(Reuters) - Miner Barrick Gold ABX.TOGOLD.N beat quarterly profit estimates and hiked its dividend on Mondayd, but warned that a prolonged shutdown could jeopardize the long-term viability of its Porgera gold mine in Papua New Guinea.
Barrick benefited from a rise in demand for the precious metal driven by economic uncertainty, and said key projects remain on track despite challenges tied to the coronavirus pandemic.
Gold prices have surged this year, with the metal’s traditional appeal as a haven supplemented by the impact of the flood of capital being pumped through the global financial system by central banks.
Barrick, which has an annual gold production target of 4.6 million ounces to 5 million ounces, said expansion in Pueblo Viejo, a joint venture with Newmont NEM.N in the Dominican Republic, and development of an underground mine at Goldrush in Nevada, remain on track despite the pandemic's impact.
Barrick hiked its quarterly dividend by 14%.
Gold production fell 15% due to the impact of the coronavirus at its Veladero mine in Argentina and a dispute with Papua New Guinea’s government.
Barrick stopped production at Porgera and sued the government after it refused to extend the mine’s expired lease in April.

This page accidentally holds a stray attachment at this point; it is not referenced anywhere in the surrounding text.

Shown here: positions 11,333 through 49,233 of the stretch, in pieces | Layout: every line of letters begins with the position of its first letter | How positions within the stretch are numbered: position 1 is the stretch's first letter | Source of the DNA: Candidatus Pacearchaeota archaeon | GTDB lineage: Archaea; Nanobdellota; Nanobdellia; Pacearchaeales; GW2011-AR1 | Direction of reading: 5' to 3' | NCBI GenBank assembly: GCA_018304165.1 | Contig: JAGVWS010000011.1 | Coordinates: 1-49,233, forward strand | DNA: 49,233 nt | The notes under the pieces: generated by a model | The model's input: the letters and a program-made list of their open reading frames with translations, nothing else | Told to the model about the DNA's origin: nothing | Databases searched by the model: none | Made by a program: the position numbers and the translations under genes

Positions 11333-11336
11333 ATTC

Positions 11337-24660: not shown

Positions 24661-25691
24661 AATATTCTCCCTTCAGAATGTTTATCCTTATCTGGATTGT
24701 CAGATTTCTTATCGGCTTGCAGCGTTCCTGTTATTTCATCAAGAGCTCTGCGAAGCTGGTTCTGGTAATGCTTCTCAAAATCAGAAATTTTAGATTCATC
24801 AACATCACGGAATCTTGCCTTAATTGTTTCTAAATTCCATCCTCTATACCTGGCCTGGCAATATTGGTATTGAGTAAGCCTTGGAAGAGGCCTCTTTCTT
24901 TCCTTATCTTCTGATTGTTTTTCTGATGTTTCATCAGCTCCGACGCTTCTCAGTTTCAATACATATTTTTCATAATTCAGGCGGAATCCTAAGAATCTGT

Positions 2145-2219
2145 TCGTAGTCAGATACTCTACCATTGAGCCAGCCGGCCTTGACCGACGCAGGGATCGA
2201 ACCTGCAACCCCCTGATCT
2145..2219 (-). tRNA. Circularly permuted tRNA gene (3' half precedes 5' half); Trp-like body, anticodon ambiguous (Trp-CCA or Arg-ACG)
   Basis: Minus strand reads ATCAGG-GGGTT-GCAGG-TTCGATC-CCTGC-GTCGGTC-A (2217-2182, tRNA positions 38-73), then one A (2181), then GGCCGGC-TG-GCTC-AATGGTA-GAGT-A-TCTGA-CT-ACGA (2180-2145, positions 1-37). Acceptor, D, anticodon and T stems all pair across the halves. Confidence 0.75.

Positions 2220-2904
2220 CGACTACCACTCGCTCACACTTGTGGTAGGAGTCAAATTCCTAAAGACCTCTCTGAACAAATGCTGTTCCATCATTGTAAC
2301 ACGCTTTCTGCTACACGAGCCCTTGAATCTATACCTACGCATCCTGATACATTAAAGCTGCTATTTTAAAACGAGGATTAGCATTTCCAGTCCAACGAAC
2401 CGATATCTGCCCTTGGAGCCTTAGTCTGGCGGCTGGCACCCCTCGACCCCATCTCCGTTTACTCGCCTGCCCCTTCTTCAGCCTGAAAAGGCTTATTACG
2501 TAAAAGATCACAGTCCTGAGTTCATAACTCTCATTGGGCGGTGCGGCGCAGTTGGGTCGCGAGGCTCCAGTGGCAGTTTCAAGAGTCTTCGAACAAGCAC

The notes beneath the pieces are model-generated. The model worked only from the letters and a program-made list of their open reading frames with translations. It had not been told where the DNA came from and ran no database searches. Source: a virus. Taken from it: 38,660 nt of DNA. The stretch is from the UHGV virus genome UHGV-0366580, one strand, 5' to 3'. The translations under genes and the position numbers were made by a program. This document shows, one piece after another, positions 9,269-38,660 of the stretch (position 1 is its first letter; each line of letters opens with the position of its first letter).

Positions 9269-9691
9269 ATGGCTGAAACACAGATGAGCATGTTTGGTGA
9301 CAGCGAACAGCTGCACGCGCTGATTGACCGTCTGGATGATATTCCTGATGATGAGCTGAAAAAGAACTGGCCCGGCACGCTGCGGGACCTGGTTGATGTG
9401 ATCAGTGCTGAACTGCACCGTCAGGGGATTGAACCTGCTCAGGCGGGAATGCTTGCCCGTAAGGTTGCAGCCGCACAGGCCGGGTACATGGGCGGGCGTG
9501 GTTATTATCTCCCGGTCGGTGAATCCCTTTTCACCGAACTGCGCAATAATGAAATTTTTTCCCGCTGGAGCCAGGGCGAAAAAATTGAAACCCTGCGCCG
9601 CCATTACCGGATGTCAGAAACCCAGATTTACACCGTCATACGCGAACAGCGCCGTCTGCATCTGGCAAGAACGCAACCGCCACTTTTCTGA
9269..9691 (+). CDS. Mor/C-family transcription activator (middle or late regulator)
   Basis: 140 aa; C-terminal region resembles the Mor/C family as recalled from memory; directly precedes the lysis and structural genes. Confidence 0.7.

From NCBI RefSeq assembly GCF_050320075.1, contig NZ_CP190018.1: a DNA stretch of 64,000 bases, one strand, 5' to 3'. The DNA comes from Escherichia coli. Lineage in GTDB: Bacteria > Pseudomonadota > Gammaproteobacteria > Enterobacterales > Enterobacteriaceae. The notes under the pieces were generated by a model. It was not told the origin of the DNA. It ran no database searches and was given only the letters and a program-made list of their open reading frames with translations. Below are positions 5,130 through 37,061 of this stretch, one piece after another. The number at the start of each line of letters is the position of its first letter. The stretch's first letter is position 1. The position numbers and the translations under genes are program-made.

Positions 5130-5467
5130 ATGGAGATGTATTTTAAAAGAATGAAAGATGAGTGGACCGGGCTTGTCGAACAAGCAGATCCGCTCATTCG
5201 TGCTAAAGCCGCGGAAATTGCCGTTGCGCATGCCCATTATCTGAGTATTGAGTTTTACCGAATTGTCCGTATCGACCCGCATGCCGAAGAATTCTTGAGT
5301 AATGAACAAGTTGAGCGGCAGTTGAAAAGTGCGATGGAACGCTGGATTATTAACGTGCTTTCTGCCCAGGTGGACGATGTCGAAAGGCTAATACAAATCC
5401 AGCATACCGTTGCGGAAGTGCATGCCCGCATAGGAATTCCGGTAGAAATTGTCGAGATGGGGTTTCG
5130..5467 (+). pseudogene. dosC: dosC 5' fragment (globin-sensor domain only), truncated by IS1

Prime Minister James Marape in a radio interview last week said the mine may be closed for up to three years, according to a statement released Monday by the Porgera joint venture, Barrick Niugini Ltd.
“The chances of recovering the mine if it’s closed for three years is quite slim,” Barrick Chief Executive Mark Bristow told Reuters.
Barrick said it realized an average gold price of $1,725 per ounce in the quarter, a 31% jump from a year earlier.
Adjusted profit was 23 cents per share, topping estimates of 19 cents per share, according to Refinitiv IBES data.
U.S-listed shares of Barrick were trading up 1.6% at $29.33 in morning trade. The miner has no plans to move its main listing from Toronto to New York, Bristow said in an interview.
Reporting by Arundhati Sarkar in Bengaluru; additional reporting by Jeff Lewis in Toronto; Editing by Krishna Chandra Eluri and Jonathan Oatis
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